Sunday, November 23, 2008

GUD #3 (Autumn 2008)

GUD (Greatest Uncommon Denominator) Magazine. Issue 3, Autumn 2008. Pp. 204. $10.00.

Reviewed by Djibril al-Ayad

This professionally presented paperback volume is the fourth issue of GUD Magazine (the first issue was numbered zero). Greatest Uncommon Denominator is a magazine that prides itself on being eclectic, slipstream, surreal, undefinable, weird, and fantastic (in their own words, they publish "literary and genre fiction, poetry, art, and articles"). This issue, which is the size of a short paperback novel, is nothing if not eclectic. The theme is nominally "mechanical flight", but the stories and other contents range from the tragic alternative history, the challengingly speculative, and the chillingly cruel to cheap comedy and surreal collage; and from the brilliantly original to the unutterably silly or the frankly unreadable. It is great that this magazine exists and that its editors have the courage to take risks with unusual material: no reader will like everything in this issue, but there is more than enough good in here to justify the material that I was not fond of.

The first lengthy fiction piece in this volume is Darja Malcolm-Clarke's 'A Song, a Prayer, an Empty Space', which is a very classily written, twenty-page story about a disgraced bishop in an alternative reality where God can only be addressed by means of euchoi, coins imbued with prayer and then processed by a machine that translates the prayers into divine form. Bishop Adan has been exiled from his monastery in Algeria (it is never clear whether the monks in this story are Muslim, Christian, Jewish, or whether "Yahvist" is a catch-all term for a single Book faith) for giving away euchoi to the poor who could not otherwise afford to pray. In addition to rising taxes, a daemon is stealing prayers before they can be euchomified, and the world around the church is starting to crumble. Although this story is well-written and the characters engaging, there was something lacking for my tastes. If there was a political overtone behind the plot, it was only that people ought to be able to speak to God without the mediation of an élite church that charges them for the privilege. The replacement of one church for another is hardly a radical conclusion, and a moral harking back to Reformation sentiments may well have gone over this reader's head. A well-written story, but one which left me a little flat by the end.

Tina Connolly's 'Facts of Bone' is a near-future story about a pair of sisters who run a business harvesting down feathers from cliffside birds' nests. Jules rides a "flycycle" which allows the freedom of the skies as she patrols the cliff face, looking out for the birds and their nests; her sister Marnie is a businesswoman, always travelling and always too busy to come home. A run-in with a poacher injures Jules, and a rare genetic disorder manifests itself in hospital, a condition that threatens to interfere with her ability to fly and do the work she loves. The conclusion to this story is an incredibly sensitive treatment of disability, of mental health affected by physical fragility, and of the psychological implications of virtuality and remote experience. An excellent story, for me one of the outstanding pieces in this issue.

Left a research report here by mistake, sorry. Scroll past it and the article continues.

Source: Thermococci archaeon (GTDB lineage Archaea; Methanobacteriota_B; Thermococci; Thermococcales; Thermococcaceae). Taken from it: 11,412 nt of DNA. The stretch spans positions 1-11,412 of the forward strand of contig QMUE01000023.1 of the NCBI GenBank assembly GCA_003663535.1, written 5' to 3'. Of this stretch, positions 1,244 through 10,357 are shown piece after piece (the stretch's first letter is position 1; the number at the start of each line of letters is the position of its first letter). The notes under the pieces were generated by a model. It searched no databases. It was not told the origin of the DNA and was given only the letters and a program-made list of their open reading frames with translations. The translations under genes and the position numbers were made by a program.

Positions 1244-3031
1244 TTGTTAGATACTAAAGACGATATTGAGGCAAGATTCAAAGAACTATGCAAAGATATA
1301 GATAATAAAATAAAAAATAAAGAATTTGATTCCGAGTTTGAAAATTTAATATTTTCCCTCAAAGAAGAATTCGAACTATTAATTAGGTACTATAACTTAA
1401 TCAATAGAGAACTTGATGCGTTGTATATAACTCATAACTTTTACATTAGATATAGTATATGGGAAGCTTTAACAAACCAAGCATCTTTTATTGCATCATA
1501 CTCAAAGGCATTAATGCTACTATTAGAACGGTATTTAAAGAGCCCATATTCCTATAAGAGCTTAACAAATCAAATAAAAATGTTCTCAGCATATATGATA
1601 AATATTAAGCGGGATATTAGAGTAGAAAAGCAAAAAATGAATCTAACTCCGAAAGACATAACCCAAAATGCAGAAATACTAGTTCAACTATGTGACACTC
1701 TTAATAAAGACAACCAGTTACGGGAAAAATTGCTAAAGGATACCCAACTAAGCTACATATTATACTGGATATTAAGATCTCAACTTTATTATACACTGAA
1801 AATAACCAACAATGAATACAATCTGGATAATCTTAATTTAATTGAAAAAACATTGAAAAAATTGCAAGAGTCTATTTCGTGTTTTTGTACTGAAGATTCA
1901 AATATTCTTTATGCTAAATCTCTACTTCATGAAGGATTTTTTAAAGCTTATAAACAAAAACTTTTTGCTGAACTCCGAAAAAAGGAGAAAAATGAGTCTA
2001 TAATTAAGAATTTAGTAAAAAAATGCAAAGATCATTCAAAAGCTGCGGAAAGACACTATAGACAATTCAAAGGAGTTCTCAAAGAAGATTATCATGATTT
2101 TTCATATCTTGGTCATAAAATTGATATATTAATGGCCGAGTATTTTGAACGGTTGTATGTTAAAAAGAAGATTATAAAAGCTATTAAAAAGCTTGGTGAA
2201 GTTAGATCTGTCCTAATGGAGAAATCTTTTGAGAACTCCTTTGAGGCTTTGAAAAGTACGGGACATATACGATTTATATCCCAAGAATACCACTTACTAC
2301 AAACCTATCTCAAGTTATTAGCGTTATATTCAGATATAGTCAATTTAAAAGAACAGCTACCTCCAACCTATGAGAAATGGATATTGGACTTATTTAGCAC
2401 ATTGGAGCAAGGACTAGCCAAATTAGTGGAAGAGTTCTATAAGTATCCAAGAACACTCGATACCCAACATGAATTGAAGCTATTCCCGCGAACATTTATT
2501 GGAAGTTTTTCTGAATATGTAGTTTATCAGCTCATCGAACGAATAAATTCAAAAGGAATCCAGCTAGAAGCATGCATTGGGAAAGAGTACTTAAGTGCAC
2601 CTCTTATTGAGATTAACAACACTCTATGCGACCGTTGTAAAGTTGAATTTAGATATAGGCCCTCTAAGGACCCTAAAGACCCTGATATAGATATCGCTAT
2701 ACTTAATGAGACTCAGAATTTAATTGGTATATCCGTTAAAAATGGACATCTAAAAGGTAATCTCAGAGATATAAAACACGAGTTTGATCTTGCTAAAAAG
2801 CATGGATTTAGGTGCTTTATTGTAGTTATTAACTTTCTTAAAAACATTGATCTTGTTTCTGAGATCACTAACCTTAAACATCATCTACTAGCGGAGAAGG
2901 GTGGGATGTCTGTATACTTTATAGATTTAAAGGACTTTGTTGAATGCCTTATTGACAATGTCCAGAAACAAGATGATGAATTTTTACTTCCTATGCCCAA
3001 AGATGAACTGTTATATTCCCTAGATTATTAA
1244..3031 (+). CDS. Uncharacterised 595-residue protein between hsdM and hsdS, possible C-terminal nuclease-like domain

Another subtle but clever story is 'Think Fast' by Michael Greenhut, an understated and original take on the multiple-realities idea. A young man with a tragic family history finds that if he thinks hard and fast enough he can send messages back in time to his younger self. These messages, which are interpreted as instincts, allow him to benefit from his future experience and avoid the worst things that can happen to him: getting into a fight, being murdered, being arrested; he can then take great risks with impunity, since he can prevent the worst from happening by sending messages back again and again until he finds the successful course of action. The protagonist is not a superhero, although he does protect the innocent and fight crime; he makes morally complex decisions, and the reader may not always agree with him. This is a thought-provoking and heart-breaking story, as the hero finds himself always unable to go back and prevent the original, ultimate tragedy.

Perhaps my favourite piece in this collection is the long story 'Night Bird Soaring' by T.L. Morganfield. In an alternative history where the divine Aztec emperor defeated Cortés in 1521, and a great Aztec empire dominates the world in the twenty-first century, Totyoalli is a talented boy chosen by the priests to be Teotl Ixiptla, to be sacrificed to the gods at the age of 29. Befriending the immortal emperor, Totyoalli builds on his talent for science to pursue a career as an astronaut, although he may not live long enough to take the voyage he dreams of. This story contains a fine mixture of rational and spiritual elements, remaining respectful to both. Totyoalli is a scientist and an atheist, but he cannot entirely turn his back on the ancient religion and expectations of his culture. It is perhaps slightly disappointing that in this alternative history, the twenty-first-century Aztec empire features almost entirely mediaeval religious and cultural setting alongside almost entirely modern technology, as if the two would not have co-evolved to create a culture unrecognisable as either. This is a minor quibble, and this remains an excellent and most worthwhile story; sensitive, provocative, and powerful. This one will stay with me.